4 Simple Steps to Help Your Child Refinance Their Student Loans

According to Forbes Magazine, student debt in America is higher than both credit card and auto loan debt, with over 44 million borrowers and over $1.3 trillion in outstanding loans. With these numbers, it is no surprise that your child may be feeling a crunch on their finances as a result of student loan payments.

Many graduates find it difficult or nearly impossible to make their student loan payments every month, while others just want to get the loans out of the way as quickly as possible so they can move on with their lives. In either case, refinancing may be an option to relieve some of the pressure of student debt. Follow these simple steps to help your child refinance their student loans painlessly.

Step 1: Discuss Their Options

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Refinancing loans of any kind is a major decision, and should not be taken lightly. Discuss finances with your child in an open and honest way to determine if refinancing the student loans is the right option for them. For many graduates, it is not. Those with federal loans, for example, may have special circumstances, such as possible Public Service Loan Forgiveness, discounted military interest rates, or Income-Based Repayment options that they may lose if the loans are refinanced through a private lender. Before you do anything else, help your child to decide if refinancing is the right choice.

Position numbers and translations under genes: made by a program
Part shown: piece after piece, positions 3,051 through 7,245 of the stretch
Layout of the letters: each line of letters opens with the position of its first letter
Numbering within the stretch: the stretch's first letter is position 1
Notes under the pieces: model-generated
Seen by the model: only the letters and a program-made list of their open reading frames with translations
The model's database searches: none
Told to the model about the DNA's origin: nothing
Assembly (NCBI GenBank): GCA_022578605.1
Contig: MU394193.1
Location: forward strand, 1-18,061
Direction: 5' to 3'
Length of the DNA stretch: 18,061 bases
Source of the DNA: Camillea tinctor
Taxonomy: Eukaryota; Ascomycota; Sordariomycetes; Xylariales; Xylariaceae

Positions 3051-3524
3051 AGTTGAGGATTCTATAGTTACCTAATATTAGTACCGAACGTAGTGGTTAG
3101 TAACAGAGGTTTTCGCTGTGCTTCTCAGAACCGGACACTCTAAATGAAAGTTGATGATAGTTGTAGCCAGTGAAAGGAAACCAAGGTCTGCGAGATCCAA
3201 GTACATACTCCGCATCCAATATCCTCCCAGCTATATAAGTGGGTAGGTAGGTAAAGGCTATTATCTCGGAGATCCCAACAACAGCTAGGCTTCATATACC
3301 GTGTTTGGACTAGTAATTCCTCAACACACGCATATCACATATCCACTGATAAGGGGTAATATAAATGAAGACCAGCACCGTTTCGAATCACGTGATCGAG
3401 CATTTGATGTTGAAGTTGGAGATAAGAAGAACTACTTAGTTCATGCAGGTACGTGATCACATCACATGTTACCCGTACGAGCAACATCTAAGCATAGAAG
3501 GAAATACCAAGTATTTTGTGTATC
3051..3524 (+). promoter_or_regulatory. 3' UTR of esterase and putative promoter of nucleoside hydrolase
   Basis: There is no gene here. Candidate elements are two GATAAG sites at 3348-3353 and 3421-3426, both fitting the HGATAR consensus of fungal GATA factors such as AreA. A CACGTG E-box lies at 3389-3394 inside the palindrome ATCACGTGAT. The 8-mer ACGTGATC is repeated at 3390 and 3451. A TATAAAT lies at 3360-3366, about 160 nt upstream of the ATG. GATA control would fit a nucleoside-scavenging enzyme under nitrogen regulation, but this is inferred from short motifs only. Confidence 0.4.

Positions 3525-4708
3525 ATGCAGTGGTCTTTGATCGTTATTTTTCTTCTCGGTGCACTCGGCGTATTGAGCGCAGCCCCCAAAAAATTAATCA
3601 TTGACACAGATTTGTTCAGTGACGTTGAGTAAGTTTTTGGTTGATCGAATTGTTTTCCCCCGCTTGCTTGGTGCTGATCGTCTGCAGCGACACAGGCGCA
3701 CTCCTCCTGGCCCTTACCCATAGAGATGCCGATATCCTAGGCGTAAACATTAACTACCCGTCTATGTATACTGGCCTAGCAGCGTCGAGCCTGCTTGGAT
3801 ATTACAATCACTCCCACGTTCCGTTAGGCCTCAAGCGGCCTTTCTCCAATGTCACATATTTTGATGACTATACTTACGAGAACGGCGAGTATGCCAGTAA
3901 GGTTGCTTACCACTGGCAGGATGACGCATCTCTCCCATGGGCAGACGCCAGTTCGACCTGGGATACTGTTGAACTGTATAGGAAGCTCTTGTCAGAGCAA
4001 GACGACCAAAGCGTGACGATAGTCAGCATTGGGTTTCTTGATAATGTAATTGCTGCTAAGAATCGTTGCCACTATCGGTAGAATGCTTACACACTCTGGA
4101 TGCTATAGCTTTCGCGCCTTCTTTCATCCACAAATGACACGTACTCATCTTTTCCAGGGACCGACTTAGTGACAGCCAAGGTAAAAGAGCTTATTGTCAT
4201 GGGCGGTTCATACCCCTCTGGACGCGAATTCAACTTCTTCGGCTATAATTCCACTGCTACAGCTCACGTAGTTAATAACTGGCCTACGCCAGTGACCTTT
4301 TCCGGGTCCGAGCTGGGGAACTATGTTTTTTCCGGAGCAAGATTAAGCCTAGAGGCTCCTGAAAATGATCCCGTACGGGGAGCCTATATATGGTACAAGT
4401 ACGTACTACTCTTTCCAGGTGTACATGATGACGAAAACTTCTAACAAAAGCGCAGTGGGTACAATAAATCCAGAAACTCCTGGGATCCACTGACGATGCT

Step 2: Do the Research

A number of websites can help your child to get the best possible terms for their refinanced student loan. Credible.com, for example, allows students to compare refinancing rates and terms from up to 10 lenders without reporting an inquiry on their credit report. This makes doing the research very easy and allows a potential borrower to get the best rates to fit their financial situation. Refinancing is a big decision, so shopping around is key.

Step 3: Refinance the Loan

Once your child has found a lender with refinancing terms that they can live with, the next step is to gather all of the relevant financial information and go through the refinancing process. This is where your skills as a parent will be most valued, as most graduates have never gone through the process of filling out loan paperwork before. You can be there to guide them and offer moral support through what is often a very stressful process, from application to that first payment.

Step 4: Encourage Responsible Credit Use

Responsible credit use does not happen overnight. Your graduate may need your guidance to develop responsible credit habits that will set them up for success later in life. Educate your child about the importance of making timely loan and credit card payments, and don’t allow the topic of personal finances to become taboo at family gatherings. It is important that your child knows that you have their back, but also that you expect them to take care of their financial commitments.

Our children don’t stop needing parents when they go off to college. Hopefully, these simple steps will help to set them on the path to financial success.

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